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Jamaat leader executed in Bangladesh for 1971 war crimes

Last updated on: December 12, 2013 22:18 IST

Abdul Quader Mollah, a senior leader of the fundamentalist Jamaat-e-Islami party, was executed on Thursday for genocide during Bangladesh's 1971 liberation war, hours after the Supreme Court rejected his review petition.

The 65-year-old Mollah, infamous as the "Butcher of Mirpur", was the first politician to be executed for massacre and rape during the war of independence from Pakistan.

Mollah was hanged at 10.01 pm (local time) in Dhaka Central Jail, a prison official told PTI. The apex court today upheld the death sentence for the assistant secretary-general of the right wing party, rejecting his review plea two days after his hanging was dramatically put on hold in a last-minute reprieve.

Mollah sided with Pakistani troops during the war and gained notoriety for leading the infamous Al-Badr militia in the Dhaka suburb of Mirpur, where he had a role in slaughtering a large number of people, including women and children

Earlier reports had suggested that Mollah would be executed shortly after midnight.

Jail officials earlier in the day said Mollah refused to seek presidential clemency under a constitutional provision when they asked him whether he wants to request the president to pardon him.

On Tuesday, the execution of Mollah, the fourth-highest Jamaat leader, was stayed less than two hours before he was set to be hanged.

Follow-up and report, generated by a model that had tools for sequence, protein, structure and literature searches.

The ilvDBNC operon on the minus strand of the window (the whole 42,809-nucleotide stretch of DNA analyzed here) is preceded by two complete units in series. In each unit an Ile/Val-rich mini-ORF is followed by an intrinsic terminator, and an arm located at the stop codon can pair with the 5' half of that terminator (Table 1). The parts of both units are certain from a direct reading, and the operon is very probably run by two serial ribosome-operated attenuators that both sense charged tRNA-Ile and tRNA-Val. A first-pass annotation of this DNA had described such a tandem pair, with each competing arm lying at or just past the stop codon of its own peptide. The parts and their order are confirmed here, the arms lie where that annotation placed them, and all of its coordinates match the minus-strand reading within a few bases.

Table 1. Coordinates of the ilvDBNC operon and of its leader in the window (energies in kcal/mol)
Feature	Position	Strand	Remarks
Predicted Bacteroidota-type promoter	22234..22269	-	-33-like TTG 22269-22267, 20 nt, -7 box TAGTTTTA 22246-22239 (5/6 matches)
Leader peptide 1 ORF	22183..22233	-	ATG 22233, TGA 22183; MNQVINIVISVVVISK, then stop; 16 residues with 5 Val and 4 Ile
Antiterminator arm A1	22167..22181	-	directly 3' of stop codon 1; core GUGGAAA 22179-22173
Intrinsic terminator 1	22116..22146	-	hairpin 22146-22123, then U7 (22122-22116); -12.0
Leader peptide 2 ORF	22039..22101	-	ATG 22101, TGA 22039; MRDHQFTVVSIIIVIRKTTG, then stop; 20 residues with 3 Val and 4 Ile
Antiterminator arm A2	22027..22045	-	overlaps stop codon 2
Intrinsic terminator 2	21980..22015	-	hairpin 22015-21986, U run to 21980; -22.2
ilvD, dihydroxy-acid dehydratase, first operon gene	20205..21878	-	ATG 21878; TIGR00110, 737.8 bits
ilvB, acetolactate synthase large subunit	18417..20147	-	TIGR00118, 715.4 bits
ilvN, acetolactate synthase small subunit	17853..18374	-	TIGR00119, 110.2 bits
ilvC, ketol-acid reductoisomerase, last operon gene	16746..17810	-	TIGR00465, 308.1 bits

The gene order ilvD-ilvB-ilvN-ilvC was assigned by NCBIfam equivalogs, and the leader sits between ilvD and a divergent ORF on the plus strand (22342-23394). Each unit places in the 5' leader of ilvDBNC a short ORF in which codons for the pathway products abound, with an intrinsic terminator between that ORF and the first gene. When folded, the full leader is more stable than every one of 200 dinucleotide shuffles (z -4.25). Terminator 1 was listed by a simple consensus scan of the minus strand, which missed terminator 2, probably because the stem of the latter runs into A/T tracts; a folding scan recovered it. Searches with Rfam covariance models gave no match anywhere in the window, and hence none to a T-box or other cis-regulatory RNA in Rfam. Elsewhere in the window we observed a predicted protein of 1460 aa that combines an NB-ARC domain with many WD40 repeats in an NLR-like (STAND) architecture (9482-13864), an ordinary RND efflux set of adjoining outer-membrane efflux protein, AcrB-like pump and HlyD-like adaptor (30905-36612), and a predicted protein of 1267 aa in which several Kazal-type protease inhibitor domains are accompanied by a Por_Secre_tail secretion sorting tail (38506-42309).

Anticipating protests from Islamists, authorities enhanced security in the capital Dhaka and deployed paramilitary troops in several cities and sensitive areas.

Paramilitary Rapid Action Battalion and the police enforced a tight vigil, mobilising riot cars and armoured personnel carriers around the prison in Old Dhaka.

A war crimes tribunal sentenced Mollah to life imprisonment on February 5 but the Supreme Court revised the verdict on September 17 and raised it to death penalty.

After the Supreme Court on Thursday morning upheld Mollah's death sentence and rejected his review petition, Islamists and opposition activists rioted in several cities across the country, clashing with police with crude bombs and rocks.

The Jamaat is a key member of the 18-party opposition alliance led by the Bangladesh Nationalist Party. Mollah is one of five Islamists and other politicians sentenced to death by a special war crimes tribunal. The opposition has claimed their trials were politically motivated and aimed at eradicating its leaders.

The special tribunal issued the death warrant for Mollah earlier this week after the Supreme Court released the full version of its verdict confirming his capital punishment for committing crimes against humanity during 1971 Liberation War.

Mollah's death is the most high-profile execution since January 2010, when five ex-army officers were put to death over the assassination of Sheikh Mujibur Rahman, the nation's founder and Prime Minister Sheikh Hasina's father. 

Anisur Rahman in Dhaka
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